Sunday, July 20th, 2014 had perfect weather. The bright white tent was filled with colorful table linens and fresh flowers from the gardens. Food tables were set up by the finest restaurants, caterers and bakeries in the area and we even had a big barbeque blazing on the far side.
The guests mingled, sipped drinks, ate, sat under the tent or on garden chairs set up on the sweeping lawn behind Christ Church Oyster Bay.
At 8:15 the award ceremony began and our honoree and 2014 Alice Roosevelt Longworth recipient, Marguerite Casparian, accepted her well deserved recognition for ten years of unparalleled service to the Oyster Bay Community.
This was followed by the models, our Warrior Angel Survivor Models, who were accompanied by their heroes- their caregivers. Before each model stepped onto the runway, her tribute to her hero was read. Cheers, tears, and standing ovations followed. When the last model finished, the event turned to the second theme of the evening. We were saluting the Heroes-Our Caregivers, and we were remembering what happened 45 years ago that same evening on July 20th in 1969 when man first walked on the moon. This was followed a few weeks later by a little gathering up the New York State Thruway called Woodstock, and over in London, the Beatles were busy recording Abbey Road. At the same time, Paul Simon wrote, "A Bridge Over Troubled Water." What a summer that was. Heroes, love, peace and the perfect song that epitomizes what our heroes mean to us, getting us through our troubled times.
We turned the night over to the amazing Mostly Moptop Band, and the dancing began and didn't end for a very long time....
Everyone present has reported this was the best party the No Surrender Breast Cancer Foundation ever held. We agree. We also wish everyone could have been there. To give you a taste- take a look at our party here:
A very special thank you to Christ Church, Mostly Moptop, Birch Lifestyle Boutique, JMclaughlin, Periwinkles, Christina's Epicure, Jack Halyards, Suzie Cakez, The Coach, Country Plaza Caterers, Mario's and Bagel Boss.
Tuesday, July 8, 2014
A wonderful, philanthropic couple have shown their support of the lab in a big way. This money will help move the innovative research forward and will make a difference in all of our lives.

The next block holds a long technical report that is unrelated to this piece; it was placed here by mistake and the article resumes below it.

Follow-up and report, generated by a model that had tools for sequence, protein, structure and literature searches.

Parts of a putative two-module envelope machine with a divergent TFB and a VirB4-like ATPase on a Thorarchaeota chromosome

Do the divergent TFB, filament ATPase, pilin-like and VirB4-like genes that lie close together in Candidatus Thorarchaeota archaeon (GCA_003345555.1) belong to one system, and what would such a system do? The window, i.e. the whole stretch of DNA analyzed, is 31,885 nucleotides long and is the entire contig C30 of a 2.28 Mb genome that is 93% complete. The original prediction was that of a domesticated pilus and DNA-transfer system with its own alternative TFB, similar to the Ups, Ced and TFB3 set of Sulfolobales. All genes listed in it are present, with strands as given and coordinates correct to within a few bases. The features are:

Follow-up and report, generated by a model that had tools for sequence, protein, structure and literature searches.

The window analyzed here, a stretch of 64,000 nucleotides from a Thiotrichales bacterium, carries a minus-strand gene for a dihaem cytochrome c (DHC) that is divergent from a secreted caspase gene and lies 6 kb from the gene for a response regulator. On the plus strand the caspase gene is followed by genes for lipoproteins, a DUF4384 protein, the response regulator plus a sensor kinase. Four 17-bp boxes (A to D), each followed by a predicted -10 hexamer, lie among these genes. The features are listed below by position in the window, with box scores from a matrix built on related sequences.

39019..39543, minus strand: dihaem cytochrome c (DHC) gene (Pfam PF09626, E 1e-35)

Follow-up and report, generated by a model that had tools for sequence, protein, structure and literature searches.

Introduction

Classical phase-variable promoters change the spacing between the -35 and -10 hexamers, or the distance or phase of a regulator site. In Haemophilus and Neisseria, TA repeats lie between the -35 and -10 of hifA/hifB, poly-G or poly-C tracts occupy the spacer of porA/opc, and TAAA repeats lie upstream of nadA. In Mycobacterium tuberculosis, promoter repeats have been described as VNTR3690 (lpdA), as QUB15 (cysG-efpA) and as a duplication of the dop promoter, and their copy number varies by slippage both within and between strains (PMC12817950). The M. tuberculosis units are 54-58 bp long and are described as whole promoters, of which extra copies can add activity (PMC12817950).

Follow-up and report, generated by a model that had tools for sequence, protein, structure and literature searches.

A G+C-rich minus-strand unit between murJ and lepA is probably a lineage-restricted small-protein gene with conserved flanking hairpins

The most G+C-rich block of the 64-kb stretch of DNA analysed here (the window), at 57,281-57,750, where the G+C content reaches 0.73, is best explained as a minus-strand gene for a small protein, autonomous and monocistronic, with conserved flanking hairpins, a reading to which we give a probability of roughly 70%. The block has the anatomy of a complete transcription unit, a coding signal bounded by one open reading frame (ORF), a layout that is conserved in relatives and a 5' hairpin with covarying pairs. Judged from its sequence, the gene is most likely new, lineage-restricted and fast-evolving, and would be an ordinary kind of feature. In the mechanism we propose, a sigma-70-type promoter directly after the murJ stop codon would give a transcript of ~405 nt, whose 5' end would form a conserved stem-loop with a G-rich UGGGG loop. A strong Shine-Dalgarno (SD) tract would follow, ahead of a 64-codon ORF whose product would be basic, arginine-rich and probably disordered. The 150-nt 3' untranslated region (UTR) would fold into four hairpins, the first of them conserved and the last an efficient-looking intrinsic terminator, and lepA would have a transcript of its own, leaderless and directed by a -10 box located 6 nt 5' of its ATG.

We applaud Mr. and Mrs. Simons.
Simonses give $50 million to Cold Spring Harbor lab
July 7, 2014 by Delthia Ricks, Newsday
A Long Island couple has donated $50 million to Cold Spring Harbor Laboratory in the hope of contributing to the precision analysis of an enormous amount of molecular data being generated by human genomics, tumor biology and the genetics of autism.
The gift from hedge-fund investor James Simons and his wife, Marilyn, of East Setauket, will establish the Simons Center for Quantitative Biology on the lab's campus.
Quantitative biology is an emerging interdisciplinary field that utilizes fundamental concepts from physics, mathematics, computer science and chemistry to better analyze biological data.
The gift will allow Cold Spring Harbor scientists to expand their work and explore vast areas of biology, aiding in the understanding and treatment of numerous disorders.
"It's a transformative gift, something that will really enable the quantitative biology program to recruit a lot more people than we anticipated and support their research," said Dr. Bruce Stillman, the laboratory's president.
Quantitative biology is vital, Stillman added, because it allows other areas of science to better elucidate biological findings. "We don't want to reinvent things that have already been invented, such as algorithms," Stillman said. "But we want to use algorithms to understand biology and medicine. I am hopeful that we will add to the development of new algorithms that will benefit everybody."
Renee Fister, an officer with the Society for Mathematical Biology, which promotes interaction between the math and biological science communities, said, "This is a substantial gift, and that means they have the people and the mechanisms in place to make important contributions."
David Usher, a professor of quantitative biology at the University of Delaware, also applauded the donation and explained that the discipline is adding to the understanding of a vast range of biological systems.
Pharmacokinetics, the study of how medications are absorbed, metabolized and excreted, is an area that has long benefited from advances in quantitative biology, Usher said.
Cold Spring Harbor Lab's new center will be chaired by Adam Siepel, an associate professor at Cornell University who has directed the doctoral program in computational biology. He joins the lab in September.
Stillman, meanwhile, sees the donation as filling an enormous void in scientific funding.
"Philanthropic support of science is becoming increasingly necessary and important," he said, "and gifts of this magnitude allow programs like ours to be supported."
He added that after the completion of the Human Genome Project more than a decade ago, federal money for basic biological research dropped 22 percent, which has meant a loss of funding for numerous investigators.
"In inflation-adjusted dollars, that's enormous," Stillman said, noting federal funding has remained flat for some scientific enterprises, nonexistent for others.
The Simonses' donation is the third they've made in recent years to fuel scientific enterprise on Long Island. In 2011 they donated $150 million to Stony Brook University, and in 2008 they gave the school $60 million.
James Simons was chairman of Stony Brook's mathematics department from 1968 to 1976 and is credited with discovering the so-called Chern-Simons invariants, which have had wide use in theoretical physics.